______________________________________Carpet material polyamide polyamidepolyamideThermoplastic -- polypropylenepolypropylenebinder 20% 20%Duroplastically phenolic --phenolichardening resin resinbinder 10% 10%modulus of 450 590 960elasticity(N/mm2)______________________________________
The lowest value was produced by a bond with only phenolic resin. A bond with polypropylene alone already showed a clear increase in the modulus of elasticity. A bond with both polypropylene and phenolic resin resulted almost in doubling of the modulus of elasticity. The two different types of binders therefore obviously interact in a special way to increase the shape rigidity of the product produced.
Bending tests were also conducted with panels with a thickness of 6 mm and a specific weight of 950 kg/m3, which were produced from the carpet material 20, in other words with an addition of fiber-like wood chips. The result is reproduced in the following table.
______________________________________ Test 1 Test 2______________________________________Carpet componentMixture: 80% polyamide 65% 85% 20% polypropyleneWood component 35% 15%Phenolic resin 5% 5%Modulus of elasticity (N/mm2) 1,620 950______________________________________
Here, the addition of phenolic resin was 5% of the total carpet material, which had the composition as indicated. It was shown that increasing the wood addition from 15 to 35% of total weight results in almost double the modulus of elasticity, with the value in the latter case being far above the wood-free modulus of elasticity of 960 N/mm2 which was achieved using twice the amount of expensive phenolic resin. The addition of wood therefore significantly improves the bending resistance and shape retention of the panels produced.
FIGS. 6 and 7 show a panel 15 which consists of a cover layer 16 on both sides, composed of large (FIG. 6 has a scale of 1:1), flat and very thin wood chips with a thickness of approximately 0.2 mm and an essentially rectangular outline. In the production of the panel 15, the bottom cover layer 16 with adhesive coated chips 18 is first spread out, then the middle layer 17 of the shredded carpet material and binders is spread on that, and the top cover layer of the adhesive-coated, thin chips 18 is spread on top of that. The whole thing is passed through the double-band press 30. The tangled distribution of the chips 18 results in random differences in the local accumulation of wood material, therefore resulting in different layer thicknesses of the cover layers 16 at a certain compression pressure. Since the middle layer 17 of the carpet material according to the invention (it is this layer has the preferred binder percentages mentioned above), demonstrates strong thermoplastic properties when pressure and heat are applied in the compression segment 7, the thickness profile of the layers 16 is pressed into the inside, as is evident in FIG. 7, while the outer surfaces 19 remain practically even. A laminate material that is very resistant to bending is obtained, with the interesting surface evident from FIG. 6, which is even and flat despite random spreading. The surfaces demonstrate only slight steps with a height of 0.2 mm, if any, at the edges of the uppermost chips 18, but otherwise are practically even.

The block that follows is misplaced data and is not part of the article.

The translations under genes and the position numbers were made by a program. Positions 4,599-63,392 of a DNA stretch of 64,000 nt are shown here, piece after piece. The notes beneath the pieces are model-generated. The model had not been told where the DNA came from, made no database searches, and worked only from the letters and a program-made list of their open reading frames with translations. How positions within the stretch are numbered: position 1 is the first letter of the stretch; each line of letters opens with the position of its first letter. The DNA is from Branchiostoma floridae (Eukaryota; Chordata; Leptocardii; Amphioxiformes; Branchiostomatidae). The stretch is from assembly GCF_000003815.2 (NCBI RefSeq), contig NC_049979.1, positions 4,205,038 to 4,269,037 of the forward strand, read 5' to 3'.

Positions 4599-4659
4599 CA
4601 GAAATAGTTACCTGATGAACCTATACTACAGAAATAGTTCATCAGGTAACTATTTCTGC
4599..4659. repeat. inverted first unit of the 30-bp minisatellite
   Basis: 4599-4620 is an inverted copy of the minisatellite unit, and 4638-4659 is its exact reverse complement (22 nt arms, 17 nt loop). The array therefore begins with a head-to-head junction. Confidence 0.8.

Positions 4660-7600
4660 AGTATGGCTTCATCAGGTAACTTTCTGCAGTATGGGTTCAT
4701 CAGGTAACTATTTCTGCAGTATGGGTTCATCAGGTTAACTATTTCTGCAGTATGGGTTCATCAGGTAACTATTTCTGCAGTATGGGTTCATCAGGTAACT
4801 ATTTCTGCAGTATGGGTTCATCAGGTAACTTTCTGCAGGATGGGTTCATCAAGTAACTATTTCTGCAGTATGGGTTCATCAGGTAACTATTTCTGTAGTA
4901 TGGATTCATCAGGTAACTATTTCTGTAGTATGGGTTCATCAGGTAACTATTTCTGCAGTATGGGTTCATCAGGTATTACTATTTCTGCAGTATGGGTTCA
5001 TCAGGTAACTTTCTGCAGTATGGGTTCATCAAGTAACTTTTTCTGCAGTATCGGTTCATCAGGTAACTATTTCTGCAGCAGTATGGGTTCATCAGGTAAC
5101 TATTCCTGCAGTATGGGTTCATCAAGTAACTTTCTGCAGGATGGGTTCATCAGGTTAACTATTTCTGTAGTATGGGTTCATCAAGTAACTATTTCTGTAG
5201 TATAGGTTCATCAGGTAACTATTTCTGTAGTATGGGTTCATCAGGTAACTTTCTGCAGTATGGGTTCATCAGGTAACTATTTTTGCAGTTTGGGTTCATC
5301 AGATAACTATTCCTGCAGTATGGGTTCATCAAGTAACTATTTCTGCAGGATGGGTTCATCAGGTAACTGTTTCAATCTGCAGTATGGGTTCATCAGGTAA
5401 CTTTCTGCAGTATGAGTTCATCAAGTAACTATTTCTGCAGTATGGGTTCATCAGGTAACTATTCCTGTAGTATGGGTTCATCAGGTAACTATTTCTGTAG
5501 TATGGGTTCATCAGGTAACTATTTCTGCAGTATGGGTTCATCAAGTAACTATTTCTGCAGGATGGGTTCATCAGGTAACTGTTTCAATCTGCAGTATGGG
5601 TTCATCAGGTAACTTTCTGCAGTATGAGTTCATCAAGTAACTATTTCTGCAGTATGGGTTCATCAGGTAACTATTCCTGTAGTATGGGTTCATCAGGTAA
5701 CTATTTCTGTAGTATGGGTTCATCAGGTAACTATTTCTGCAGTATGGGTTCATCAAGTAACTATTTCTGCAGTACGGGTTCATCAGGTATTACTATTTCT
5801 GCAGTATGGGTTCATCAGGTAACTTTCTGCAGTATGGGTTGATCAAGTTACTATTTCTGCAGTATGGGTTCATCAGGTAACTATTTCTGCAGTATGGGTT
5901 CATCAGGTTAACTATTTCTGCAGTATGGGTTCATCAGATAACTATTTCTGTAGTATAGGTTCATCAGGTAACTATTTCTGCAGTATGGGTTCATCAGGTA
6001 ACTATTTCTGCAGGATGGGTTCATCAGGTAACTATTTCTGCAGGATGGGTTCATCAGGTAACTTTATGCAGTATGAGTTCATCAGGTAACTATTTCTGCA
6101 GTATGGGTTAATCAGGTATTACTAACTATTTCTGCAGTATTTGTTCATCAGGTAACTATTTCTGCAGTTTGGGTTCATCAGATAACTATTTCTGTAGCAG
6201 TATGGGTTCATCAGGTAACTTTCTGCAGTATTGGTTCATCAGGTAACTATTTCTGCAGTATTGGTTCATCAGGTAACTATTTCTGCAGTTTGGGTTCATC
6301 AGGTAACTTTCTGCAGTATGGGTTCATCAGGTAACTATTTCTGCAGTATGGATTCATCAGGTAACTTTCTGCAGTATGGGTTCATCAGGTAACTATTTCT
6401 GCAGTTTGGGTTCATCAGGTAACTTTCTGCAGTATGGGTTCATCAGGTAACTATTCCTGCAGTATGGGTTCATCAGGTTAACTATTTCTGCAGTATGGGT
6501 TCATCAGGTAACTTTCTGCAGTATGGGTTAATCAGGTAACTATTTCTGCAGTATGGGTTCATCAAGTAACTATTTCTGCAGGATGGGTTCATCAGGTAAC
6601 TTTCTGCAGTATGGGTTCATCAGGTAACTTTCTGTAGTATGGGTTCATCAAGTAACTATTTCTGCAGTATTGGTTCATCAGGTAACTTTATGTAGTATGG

The panel material 40 of FIG. 8 is composed of three thin panels 14 according to FIGS. 4 and 5 with one thickness, and four veneer layers of approximately the same thickness, like plywood. The thickness of the individual layers comprises approximately 1 to 4 mm, 2 mm in the embodiment. In the veneer layers 21, the fiber direction runs parallel to the plane of the drawing, in the veneer layers 21', it runs perpendicular to the plane of the drawing. Each panel layer 14 has a wood layer 21, 21' on both sides. By combining different amounts of layers, panel materials with a different thickness can be produced and adapted to changing needs.
Production can take place in such a way that a standard panel 14 with a certain low thickness is produced and is adhesively bonded under pressure, i.e. laminated, to the corresponding veneer layers, in the desired number. However, it is also possible to pass the veneer layers 21, 21' through the double-band press 30 together with the spread material for the panel layers 14, so that the panel material is produced in one pass.
For the production of the panels 14 according to FIGS. 4 and 5, a double-band press according to DE-PS 21 57 764 was used. The temperature of the die bands 5, 6 according to FIG. 3 was approximately 200° C., the pressure in the compression segment 7 was approximately 500 N/mm2.
The time during which the carpet material was subject to this temperature and this pressure was 90-180 seconds.
While the present invention has been detailed in the embodiments described above, it is contemplated the invention may encompass further embodiments than those described, in particular, the used-carpet material may be molded into various shapes.